(continued from yesterday…)
Massive oak trees scattered their nuts on the forest floor; thousands of chestnut trees showered bushels and bushels of sweet tasty nuts on the ground. Hickory and beechnuts were food for small game, wild grapes and persimmons were food for opossums, coons and wild birds.
Farmers didn’t have to worry with feeding their herds of hogs or flocks of turkeys; they let them run free in the woods and the mast was all the food they needed. Wild game was there for the taking: bears, deer, squirrels, coons, and wild turkeys for food and foxes, bobcats, mountain lions (panthers) and mink furnished an odd dollar or two for their pelts.
Little wonder Pinkney settled here; the area was what a pioneer dreamed of: abundant timber, plenty of large and small game, and enough level or rolling land for acres of corn and pasture for livestock. It was a land of promise for any man.
Not long after his home was finished, Pinkney, millwright that he was, decided the fast moving water of Stony Creek was just what he needed to run the saw mill and gristmill he wanted to build. A few hundred feet above his home he found an ideal place to build a dam to impound the water of the creek.
It wasn’t too long until the mill had been built, from the dam down to the mill an elevated sluice way carried the water to the mill wheel, and the first of Carter’s mills on Stony Creek was in business.
A few years later fire destroyed most of the mill, and Pinkney decided to replace it with a bigger and better mill with more power to turn the wheels. The second mill, after it was finished, included a wood working shop with a power drive lathe. After the new mill was built more and more people began using it.
From over the hills and up the creek, they came. Some walking and carrying a sack of corn on their back, others on horseback with a sack or two of corn or wheat. Walking and riding they came. As they waited their turn at the mill they spent their time visiting, finding out how the neighbors were getting along, finding out who was sick, who had been in an accident, who had died, who had got married, who had a new baby. The mill soon became the place where neighbors met and socialized.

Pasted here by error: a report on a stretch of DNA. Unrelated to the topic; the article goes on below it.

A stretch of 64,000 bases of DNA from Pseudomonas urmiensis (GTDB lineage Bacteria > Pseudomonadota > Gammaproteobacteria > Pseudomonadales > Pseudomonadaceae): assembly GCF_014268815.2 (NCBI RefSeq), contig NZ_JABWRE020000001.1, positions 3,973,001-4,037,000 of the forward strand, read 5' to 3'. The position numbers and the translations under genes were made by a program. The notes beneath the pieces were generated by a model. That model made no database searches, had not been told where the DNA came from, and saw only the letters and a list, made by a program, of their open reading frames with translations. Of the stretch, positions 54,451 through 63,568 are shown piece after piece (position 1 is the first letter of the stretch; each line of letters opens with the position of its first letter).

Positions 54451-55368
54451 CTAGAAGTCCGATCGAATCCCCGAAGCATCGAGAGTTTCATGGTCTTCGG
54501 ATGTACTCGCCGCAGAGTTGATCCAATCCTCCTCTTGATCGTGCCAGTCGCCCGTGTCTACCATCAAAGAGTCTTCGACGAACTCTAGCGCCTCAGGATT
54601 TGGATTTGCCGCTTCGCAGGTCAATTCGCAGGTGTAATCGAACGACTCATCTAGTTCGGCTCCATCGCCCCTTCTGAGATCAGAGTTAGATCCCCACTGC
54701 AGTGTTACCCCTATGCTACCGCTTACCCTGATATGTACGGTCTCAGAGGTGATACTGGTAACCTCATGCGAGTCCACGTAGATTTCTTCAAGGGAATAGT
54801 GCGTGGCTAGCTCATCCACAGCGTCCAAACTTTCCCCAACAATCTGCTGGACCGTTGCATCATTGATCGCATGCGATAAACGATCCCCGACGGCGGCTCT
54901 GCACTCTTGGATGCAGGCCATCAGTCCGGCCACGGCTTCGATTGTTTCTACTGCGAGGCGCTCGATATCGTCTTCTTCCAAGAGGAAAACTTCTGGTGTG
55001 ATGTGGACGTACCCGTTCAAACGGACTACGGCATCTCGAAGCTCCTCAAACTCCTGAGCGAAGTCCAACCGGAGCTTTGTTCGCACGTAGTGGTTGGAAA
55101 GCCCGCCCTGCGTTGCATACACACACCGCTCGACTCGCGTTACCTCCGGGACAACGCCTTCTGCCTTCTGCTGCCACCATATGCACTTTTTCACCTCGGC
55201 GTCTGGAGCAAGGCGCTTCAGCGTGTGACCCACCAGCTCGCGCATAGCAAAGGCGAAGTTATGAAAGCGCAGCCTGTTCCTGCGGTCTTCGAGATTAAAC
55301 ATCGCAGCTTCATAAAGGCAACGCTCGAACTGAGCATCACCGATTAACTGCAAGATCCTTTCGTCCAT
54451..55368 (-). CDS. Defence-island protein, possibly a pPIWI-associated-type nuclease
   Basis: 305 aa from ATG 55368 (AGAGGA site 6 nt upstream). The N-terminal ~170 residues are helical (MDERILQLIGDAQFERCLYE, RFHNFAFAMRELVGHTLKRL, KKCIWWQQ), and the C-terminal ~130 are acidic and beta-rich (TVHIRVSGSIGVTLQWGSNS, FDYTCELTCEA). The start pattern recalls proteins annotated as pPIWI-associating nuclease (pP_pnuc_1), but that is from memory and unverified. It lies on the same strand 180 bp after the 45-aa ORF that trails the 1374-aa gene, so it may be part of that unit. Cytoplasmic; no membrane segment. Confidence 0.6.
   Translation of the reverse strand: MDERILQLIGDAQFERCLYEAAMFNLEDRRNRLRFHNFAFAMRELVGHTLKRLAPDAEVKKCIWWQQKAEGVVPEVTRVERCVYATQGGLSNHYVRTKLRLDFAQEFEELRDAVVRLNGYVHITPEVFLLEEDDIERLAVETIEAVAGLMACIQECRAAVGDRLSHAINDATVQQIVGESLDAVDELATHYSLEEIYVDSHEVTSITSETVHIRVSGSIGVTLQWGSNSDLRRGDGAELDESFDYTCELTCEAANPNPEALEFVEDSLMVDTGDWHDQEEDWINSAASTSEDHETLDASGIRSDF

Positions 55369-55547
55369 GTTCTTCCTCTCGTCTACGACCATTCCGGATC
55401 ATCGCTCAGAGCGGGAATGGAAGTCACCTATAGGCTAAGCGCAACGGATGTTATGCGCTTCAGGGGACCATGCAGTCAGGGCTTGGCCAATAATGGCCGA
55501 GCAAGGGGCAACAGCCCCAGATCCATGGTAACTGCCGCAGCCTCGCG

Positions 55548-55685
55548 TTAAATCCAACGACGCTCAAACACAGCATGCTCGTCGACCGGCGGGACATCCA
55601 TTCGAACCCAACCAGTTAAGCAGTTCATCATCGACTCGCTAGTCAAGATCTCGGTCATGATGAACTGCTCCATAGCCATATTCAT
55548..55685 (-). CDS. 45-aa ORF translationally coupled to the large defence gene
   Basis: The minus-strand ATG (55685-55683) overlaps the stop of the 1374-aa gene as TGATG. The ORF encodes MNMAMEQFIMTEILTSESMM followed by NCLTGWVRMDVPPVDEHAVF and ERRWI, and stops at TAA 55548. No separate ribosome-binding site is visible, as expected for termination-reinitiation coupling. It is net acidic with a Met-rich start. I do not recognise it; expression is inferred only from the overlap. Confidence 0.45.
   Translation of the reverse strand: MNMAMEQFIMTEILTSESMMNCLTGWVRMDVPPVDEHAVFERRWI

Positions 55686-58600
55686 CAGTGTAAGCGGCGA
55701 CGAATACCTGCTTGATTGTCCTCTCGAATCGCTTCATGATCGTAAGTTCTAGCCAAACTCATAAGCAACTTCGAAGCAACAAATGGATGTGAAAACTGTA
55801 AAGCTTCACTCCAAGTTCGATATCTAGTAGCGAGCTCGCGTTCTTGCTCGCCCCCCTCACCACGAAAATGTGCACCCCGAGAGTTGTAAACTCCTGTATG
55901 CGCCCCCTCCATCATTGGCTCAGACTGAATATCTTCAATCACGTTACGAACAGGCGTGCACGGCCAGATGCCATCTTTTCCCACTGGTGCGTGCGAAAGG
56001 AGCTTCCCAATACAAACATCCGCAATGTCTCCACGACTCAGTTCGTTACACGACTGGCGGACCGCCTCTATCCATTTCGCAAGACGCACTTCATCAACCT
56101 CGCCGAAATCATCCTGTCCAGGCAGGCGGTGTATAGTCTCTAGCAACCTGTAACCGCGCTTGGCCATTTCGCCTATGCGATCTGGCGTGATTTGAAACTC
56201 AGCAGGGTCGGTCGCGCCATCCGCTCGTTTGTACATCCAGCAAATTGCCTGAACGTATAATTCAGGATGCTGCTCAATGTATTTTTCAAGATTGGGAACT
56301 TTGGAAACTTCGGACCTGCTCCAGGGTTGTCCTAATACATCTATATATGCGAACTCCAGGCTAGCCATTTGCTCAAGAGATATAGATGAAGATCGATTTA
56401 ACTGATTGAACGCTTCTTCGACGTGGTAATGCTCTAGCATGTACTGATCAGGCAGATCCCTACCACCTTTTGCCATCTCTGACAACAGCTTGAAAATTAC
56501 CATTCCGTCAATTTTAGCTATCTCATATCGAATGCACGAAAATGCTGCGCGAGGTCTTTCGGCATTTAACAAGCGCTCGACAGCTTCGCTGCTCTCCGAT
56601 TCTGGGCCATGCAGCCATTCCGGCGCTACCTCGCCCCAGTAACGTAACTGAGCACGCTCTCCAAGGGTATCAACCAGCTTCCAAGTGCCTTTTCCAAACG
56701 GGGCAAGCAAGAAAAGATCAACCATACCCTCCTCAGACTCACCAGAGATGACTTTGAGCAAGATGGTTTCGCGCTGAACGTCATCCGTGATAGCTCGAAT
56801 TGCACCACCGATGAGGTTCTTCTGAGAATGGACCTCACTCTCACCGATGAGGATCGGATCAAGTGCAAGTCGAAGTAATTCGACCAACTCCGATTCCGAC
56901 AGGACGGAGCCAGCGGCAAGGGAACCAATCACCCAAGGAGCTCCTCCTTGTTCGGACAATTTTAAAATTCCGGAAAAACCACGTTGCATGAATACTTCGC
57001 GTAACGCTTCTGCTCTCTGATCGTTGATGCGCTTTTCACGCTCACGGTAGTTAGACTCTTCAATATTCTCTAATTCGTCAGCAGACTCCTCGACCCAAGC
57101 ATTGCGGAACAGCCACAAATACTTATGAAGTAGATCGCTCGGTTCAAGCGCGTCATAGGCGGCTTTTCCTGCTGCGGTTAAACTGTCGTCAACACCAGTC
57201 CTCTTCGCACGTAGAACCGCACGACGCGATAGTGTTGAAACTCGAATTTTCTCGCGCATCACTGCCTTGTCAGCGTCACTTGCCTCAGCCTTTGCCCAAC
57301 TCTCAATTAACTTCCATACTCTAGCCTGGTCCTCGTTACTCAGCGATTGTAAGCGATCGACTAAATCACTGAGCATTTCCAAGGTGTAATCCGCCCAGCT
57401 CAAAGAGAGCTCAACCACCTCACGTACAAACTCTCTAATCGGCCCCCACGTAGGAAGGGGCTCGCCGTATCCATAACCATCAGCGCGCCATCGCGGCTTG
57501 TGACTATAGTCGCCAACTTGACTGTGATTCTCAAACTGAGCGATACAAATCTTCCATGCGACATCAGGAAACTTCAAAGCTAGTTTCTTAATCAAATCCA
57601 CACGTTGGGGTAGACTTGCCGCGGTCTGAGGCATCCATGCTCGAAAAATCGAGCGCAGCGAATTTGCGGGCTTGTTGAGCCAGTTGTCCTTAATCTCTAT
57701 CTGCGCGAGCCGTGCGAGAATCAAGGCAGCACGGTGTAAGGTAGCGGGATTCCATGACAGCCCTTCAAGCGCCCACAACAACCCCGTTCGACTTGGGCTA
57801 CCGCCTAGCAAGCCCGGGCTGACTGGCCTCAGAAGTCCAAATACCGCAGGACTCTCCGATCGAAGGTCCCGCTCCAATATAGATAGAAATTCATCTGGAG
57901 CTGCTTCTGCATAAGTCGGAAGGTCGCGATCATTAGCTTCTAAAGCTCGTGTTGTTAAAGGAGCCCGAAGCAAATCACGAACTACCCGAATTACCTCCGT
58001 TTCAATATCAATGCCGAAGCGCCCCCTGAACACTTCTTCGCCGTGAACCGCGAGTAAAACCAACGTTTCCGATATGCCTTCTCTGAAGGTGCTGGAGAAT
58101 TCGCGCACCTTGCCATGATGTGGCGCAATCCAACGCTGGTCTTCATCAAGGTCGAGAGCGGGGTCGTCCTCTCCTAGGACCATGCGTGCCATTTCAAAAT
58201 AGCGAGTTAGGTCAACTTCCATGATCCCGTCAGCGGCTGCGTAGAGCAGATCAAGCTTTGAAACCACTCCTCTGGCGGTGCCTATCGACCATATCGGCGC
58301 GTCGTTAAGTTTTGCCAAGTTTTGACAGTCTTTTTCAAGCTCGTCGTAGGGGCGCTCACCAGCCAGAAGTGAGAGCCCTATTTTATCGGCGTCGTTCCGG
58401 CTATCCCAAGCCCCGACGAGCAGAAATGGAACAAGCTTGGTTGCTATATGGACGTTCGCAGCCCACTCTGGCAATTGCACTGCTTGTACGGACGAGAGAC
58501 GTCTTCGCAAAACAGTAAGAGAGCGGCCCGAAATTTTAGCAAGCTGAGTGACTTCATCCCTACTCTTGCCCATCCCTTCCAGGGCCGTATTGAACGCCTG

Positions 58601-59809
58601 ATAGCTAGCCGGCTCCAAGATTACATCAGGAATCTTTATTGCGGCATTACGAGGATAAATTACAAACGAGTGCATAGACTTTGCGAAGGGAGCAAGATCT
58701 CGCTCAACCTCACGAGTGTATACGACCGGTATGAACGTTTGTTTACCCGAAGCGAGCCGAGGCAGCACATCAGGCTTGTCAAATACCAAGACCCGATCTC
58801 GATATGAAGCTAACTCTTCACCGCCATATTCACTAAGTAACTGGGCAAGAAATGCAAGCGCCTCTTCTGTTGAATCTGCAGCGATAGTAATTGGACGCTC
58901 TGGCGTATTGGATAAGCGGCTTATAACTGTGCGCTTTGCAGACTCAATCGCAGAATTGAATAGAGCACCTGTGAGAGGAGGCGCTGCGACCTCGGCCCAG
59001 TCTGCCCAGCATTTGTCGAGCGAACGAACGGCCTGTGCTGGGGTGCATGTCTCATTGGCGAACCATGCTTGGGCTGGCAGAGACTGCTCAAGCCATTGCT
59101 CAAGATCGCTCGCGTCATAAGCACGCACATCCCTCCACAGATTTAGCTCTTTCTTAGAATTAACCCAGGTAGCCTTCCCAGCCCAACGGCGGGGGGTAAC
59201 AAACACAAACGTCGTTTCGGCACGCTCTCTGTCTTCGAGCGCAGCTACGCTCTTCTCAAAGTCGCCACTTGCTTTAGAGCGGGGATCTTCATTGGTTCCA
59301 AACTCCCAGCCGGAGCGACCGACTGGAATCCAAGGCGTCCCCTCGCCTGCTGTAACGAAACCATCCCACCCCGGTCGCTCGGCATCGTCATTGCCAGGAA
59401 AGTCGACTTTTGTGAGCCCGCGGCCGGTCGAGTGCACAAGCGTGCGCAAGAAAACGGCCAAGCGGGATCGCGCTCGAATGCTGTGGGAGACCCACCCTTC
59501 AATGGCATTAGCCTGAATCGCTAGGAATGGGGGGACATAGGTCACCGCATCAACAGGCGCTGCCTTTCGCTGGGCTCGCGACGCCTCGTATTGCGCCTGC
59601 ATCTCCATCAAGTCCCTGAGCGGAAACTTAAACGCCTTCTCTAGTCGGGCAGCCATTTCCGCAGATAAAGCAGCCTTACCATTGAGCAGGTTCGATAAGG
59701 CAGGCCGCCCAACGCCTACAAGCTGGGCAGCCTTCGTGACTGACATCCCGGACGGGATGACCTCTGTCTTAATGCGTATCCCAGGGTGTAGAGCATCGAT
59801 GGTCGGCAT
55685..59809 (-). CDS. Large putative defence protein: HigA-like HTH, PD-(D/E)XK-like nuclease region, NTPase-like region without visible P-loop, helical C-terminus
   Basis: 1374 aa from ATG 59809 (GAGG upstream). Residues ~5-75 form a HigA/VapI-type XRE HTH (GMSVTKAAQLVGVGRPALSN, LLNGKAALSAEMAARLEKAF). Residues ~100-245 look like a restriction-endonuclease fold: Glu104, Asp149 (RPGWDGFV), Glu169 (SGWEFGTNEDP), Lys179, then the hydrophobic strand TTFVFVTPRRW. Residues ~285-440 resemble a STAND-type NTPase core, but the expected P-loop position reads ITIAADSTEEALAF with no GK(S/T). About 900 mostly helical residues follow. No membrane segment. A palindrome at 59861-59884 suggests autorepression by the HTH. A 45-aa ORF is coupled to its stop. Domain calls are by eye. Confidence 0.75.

The saw mill furnished the few boards they needed, the carpenter shop made simple furniture, tables, chairs and beds. Many of the people who died were buried in a coffin made in that shop. Sometimes the shop and mill would shut down while the workers took picks and shovels and went to dig a grave in one of the tiny family graveyards. Many was the time when the neighbors went to a home where death had come and sit up all night in the room with the corpse.
Neighborly concern was a way of life with these early mountain people, hospitality knew no limit as neighbor shared with neighbor from what ever they had. Back then people just couldn’t get along without each other’s help.
Soon after the end of World War I, or about 1922, one of Pinkney’s sons decided to open another store; the old one had been closed during the war years. The new store was located a little way below the mill and home. The new store did well until the depression of 1929 forced it to close. It wasn’t until the mid 1930′s that the store reopened under the name Glen Carter’s Store.
When Southwest Virginia’s first Big Game season opened in the mid 1940′s Carter’s Store became one of Scott County’s first checking stations for big game. This was a service the Carter’s continued to give the public until the end of the 1981 hunting season, a service that paid them not one cent, although it did bring in a few dollars in trade.
When deer and turkey season opened in the fall, it also ushered in the opening session of the Hot Stove League, as local and visiting hunters alike sat around and told how many big bucks they had seen, or how the biggest buck they had ever seen barely got away. Tall tales and true stories were so inter-mingled it was hard to learn the truth.
“Carter’s Store,” by Virgil Craft, from an unidentified newspaper article collected in Scott County, VA resident Mildred McConnell’s Scrapbook, and published online by the Scott County Historical Society at www.rootsweb.ancestry.com/~vaschs2/carters_store.htm
(article has been slightly edited here)